The exhaust gas-treating process composed of the regenerating step, the transferring step and the disposal process is terminated in about 6 seconds in this case. The exhaust gas-treating process is periodically carried out in the capturing process with the primary filter 2 (No. 1) and the primary filter 4 (No. 2) every 3 minute interval.

In the above first embodiment, the primary filters 2 and 4, the switch valves 18 and 19, and the switch valves 20 and 21 are subjected to switching at a time lag of about 1 second. The invention is not limited to such a time lag. For example, every time one primary filter is regenerated, the regenerating step may be effected once with the secondary pulse air stream. Further, the back wash process may be effected non-periodically.

Next, the pressure loss in the exhaust gas-treating apparatus will be explained based on experimental results through comparison between the above first embodiment and conventional comparison examples.

(Experiment 1)

Comparison Example 1 compared with the above first embodiment is a case where a secondary filter (recapturing section) was provided immediately under a primary filter.

In Experiment 1, the pressure loss of the exhaust gas-treating apparatus was examined. In Comparison Example 1, experiment was effected under the same condition as that of the first embodiment except for the arrangement of the secondary filter. Experimental results are shown in FIG. 13. As shown in FIG. 13, as compared with Comparative Example 1, the first embodiment had a smaller pressure loss. This is considered to mean that although the back wash step for the primary filter was not completely terminated due to flying up of the particulates such as soot, the capturing step was started. In the above first embodiment, since the secondary filter is arranged outside the exhaust line, the capturing step is started assuredly after the back step is completely terminated. (Experiments 2)

Comparative Example 2 is a case where honeycomb filters sealed in a checkered pattern were used as the primary filters. Meanwhile, according to the first embodiment, the through holes were sealed along the rows at opposite ends and the lateral holes are bored in the peripheral side, and the auxiliary pulse air was blown through the channels from the lateral holes.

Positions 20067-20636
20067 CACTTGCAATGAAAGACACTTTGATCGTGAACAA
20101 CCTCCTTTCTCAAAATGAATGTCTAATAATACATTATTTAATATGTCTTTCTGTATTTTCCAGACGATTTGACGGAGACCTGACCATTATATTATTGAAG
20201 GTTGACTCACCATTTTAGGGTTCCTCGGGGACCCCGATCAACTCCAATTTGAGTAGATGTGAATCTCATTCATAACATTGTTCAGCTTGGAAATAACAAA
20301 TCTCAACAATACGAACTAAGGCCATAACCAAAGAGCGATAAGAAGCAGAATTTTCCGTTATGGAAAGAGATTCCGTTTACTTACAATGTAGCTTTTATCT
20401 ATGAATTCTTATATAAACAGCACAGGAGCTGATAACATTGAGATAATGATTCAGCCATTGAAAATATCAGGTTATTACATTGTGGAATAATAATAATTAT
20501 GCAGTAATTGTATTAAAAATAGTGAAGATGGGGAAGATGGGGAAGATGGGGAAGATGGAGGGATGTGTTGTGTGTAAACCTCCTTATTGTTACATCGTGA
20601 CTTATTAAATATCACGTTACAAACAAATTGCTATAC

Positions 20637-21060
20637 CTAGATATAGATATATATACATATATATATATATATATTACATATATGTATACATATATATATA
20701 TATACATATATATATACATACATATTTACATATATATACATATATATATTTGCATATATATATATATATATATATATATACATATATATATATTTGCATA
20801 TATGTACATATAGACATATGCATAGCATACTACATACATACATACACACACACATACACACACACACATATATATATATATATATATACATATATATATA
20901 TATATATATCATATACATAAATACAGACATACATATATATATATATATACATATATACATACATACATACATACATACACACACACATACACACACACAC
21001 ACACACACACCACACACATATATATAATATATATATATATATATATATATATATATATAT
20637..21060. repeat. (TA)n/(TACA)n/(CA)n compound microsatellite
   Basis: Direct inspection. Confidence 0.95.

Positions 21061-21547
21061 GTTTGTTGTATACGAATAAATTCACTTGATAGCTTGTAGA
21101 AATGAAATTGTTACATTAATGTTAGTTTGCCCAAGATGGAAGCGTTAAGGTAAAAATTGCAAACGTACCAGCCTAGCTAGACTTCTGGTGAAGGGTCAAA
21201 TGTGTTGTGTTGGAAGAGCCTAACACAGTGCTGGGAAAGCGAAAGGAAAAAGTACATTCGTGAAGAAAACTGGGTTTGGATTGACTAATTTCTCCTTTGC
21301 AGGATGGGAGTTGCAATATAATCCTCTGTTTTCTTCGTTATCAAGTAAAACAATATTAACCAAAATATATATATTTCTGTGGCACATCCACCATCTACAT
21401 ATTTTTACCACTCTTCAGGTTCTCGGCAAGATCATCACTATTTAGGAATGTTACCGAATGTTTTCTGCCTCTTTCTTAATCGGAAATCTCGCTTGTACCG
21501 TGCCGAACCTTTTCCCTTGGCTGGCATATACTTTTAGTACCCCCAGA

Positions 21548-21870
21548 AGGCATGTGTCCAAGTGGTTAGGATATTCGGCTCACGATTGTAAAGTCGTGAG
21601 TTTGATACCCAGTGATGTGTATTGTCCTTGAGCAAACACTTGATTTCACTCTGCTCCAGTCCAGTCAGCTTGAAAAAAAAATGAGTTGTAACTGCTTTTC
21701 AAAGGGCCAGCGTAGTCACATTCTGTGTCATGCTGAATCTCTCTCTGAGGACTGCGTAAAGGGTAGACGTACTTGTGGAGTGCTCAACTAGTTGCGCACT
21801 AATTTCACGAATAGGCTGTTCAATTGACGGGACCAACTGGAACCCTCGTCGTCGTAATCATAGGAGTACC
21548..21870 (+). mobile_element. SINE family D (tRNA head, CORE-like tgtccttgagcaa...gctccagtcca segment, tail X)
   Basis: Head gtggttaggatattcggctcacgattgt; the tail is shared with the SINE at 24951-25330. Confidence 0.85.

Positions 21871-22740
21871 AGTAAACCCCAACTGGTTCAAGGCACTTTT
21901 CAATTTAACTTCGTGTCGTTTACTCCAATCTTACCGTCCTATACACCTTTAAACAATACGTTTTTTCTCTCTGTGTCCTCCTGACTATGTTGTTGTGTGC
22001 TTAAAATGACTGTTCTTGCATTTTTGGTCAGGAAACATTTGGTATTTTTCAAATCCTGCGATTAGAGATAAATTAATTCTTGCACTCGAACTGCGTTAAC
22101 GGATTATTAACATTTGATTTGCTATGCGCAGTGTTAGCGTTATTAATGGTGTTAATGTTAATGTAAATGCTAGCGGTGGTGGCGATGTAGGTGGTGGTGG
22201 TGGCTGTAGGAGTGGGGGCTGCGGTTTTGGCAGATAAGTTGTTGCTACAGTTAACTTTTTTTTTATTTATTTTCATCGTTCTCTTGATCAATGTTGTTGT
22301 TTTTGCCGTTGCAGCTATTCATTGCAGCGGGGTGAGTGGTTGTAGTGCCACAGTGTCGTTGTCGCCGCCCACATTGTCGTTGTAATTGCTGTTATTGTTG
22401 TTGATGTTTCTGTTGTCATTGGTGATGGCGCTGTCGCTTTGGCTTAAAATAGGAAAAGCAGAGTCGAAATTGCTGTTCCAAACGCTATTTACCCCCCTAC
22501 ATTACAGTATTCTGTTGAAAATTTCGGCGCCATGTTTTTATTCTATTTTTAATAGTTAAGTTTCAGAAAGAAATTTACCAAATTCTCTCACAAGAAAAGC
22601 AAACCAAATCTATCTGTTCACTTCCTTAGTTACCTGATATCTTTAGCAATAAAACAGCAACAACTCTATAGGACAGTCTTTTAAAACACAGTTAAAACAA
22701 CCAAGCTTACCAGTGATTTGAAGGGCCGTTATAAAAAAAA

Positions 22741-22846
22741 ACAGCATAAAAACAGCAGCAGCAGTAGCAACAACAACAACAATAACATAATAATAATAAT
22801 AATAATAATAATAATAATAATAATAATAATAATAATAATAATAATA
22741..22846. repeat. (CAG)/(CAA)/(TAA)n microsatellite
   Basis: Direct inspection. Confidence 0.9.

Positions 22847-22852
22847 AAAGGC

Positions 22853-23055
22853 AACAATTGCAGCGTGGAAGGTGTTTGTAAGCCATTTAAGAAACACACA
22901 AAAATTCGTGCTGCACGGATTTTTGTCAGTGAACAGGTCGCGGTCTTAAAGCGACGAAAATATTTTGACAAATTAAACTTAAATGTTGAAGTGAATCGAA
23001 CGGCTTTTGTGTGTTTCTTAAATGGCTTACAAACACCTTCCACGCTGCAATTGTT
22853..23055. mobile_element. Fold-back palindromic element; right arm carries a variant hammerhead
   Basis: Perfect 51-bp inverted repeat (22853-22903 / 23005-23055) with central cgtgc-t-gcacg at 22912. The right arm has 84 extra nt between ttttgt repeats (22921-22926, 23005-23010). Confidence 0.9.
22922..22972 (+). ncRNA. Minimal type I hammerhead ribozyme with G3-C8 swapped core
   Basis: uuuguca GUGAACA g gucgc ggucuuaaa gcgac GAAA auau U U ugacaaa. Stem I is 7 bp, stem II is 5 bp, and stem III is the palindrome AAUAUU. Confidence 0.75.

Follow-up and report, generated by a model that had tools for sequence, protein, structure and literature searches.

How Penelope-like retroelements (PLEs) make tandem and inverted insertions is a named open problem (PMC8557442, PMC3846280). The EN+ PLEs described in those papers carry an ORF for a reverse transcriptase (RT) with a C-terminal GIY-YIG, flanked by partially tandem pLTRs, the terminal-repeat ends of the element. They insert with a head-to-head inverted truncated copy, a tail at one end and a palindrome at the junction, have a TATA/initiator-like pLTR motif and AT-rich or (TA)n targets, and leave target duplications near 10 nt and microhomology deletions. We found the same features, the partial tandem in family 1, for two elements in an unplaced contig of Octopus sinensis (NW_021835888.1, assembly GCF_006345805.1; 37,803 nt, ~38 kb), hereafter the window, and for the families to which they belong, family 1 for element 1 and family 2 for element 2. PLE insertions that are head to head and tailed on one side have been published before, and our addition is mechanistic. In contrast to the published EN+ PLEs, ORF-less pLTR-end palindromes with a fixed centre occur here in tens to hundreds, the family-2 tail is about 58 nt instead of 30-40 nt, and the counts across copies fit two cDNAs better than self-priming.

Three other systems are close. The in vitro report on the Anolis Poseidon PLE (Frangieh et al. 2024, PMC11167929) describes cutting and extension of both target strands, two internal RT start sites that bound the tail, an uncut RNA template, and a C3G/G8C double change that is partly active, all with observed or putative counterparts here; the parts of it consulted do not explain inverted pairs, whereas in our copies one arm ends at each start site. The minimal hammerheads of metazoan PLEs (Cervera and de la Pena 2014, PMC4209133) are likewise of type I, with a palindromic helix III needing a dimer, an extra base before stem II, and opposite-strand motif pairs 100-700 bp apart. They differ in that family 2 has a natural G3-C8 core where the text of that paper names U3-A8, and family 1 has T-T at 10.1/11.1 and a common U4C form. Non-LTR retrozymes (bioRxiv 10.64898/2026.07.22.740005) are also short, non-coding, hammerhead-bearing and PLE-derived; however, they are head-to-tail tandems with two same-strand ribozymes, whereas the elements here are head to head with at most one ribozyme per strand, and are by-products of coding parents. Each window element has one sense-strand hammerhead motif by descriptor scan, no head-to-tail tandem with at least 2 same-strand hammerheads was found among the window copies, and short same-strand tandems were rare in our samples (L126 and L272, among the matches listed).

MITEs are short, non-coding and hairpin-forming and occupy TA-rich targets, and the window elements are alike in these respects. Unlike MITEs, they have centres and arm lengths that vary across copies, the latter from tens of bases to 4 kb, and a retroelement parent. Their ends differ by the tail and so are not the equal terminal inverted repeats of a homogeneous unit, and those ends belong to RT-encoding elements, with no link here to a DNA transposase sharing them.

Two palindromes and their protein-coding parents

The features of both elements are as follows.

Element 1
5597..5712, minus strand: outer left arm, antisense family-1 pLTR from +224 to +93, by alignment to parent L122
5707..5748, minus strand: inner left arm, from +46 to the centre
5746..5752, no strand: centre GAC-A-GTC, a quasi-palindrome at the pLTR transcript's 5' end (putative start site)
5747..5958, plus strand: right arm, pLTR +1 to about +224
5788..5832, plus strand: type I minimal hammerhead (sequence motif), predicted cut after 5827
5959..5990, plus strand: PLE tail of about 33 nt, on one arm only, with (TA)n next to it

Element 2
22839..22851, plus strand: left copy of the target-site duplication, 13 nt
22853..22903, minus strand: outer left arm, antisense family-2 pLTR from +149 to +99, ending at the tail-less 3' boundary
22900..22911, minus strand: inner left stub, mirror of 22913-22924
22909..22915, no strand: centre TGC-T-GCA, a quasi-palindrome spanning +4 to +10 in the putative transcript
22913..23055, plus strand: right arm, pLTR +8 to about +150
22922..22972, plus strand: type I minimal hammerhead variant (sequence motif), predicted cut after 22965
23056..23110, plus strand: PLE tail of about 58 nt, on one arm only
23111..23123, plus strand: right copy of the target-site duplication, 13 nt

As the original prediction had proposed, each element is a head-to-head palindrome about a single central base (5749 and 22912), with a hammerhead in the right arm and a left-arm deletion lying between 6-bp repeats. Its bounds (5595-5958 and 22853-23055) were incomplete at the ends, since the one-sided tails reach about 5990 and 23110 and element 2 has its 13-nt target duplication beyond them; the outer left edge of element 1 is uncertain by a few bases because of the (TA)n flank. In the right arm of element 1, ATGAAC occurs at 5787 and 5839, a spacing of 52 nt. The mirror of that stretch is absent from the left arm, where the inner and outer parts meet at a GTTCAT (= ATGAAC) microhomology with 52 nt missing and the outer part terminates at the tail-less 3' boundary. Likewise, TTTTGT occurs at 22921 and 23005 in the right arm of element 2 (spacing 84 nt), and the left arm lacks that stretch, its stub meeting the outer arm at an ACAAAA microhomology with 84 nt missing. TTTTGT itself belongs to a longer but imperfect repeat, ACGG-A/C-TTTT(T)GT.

In Experiment 2, the pressure loss of the exhaust gas-treating apparatus was examined. Comparison Example 2 was examined under the same condition as in the above first embodiment except for the structure of the primary filters and the feeding of the auxiliary pulse air stream. Experimental results are shown in FIG. 14. As shown in FIG. 14, the pressure loss increased with the lapse of time in the case of the exhaust gas-treating apparatus of Comparison Example 2. This is presumed to be caused by the phenomenon that the clogged degree of the particulates such as soot gradually increased in Comparative Example 2. To the contrary, in the above first embodiment, the pressure loss is suppressed to a low level. This is considered to be caused by the phenomenon that since the secondary filter is arranged outside the exhaust line, the primary filter is sufficiently regenerated by the back washing step.

Next, a third embodiment is shown in FIG. 15.

With respect to this second embodiment, the capturing step and the back wash step are effected with use of one primary filter only. That is, the third embodiment is a case where a bypass passage 71 is provided to bypass a primary filter 2 with the switch valves 18 and 19 being omitted. That is, the exhaust gas passes the passage 72 during the capturing step, and the exhaust gas is flowed through the bypass passage 71 during the regenerating step in the exhaust gas-treating process. The above switching operation is effected by switching the switch valves 73 and 74.

In this second embodiment, since only one primary filter needs to be provided, the construction is simple and the production cost can be reduced. Since the exhaust gas is discharged outside through the bypass passage 71 during the regenerating step, the particulates in the exhaust gas are not captured. However, as compared with the time period during which the particulates are captured, the regenerating time period in the back washing step is extremely short. Therefore, that the particulates in the exhaust gas cannot be captured during the regenerating step does pose almost no problem.

As mentioned above, according to the process and the apparatus for treating the exhaust gases, the particulates captured by the primary filter or filters are transferred to the treating device at the location remote from the primary filter outside the exhaust line, and then disposed of. Accordingly, the clogging of the first filter due to blowing-back of the particulates can be prevented, and the primary filter can be appropriately regenerated. Further, the particulates can be largely removed from the exhaust gases.

Next, a first process for producing the exhaust gas filter as shown in FIGS. 3 through 5 will be explained by referring to FIGS. 16 and 17.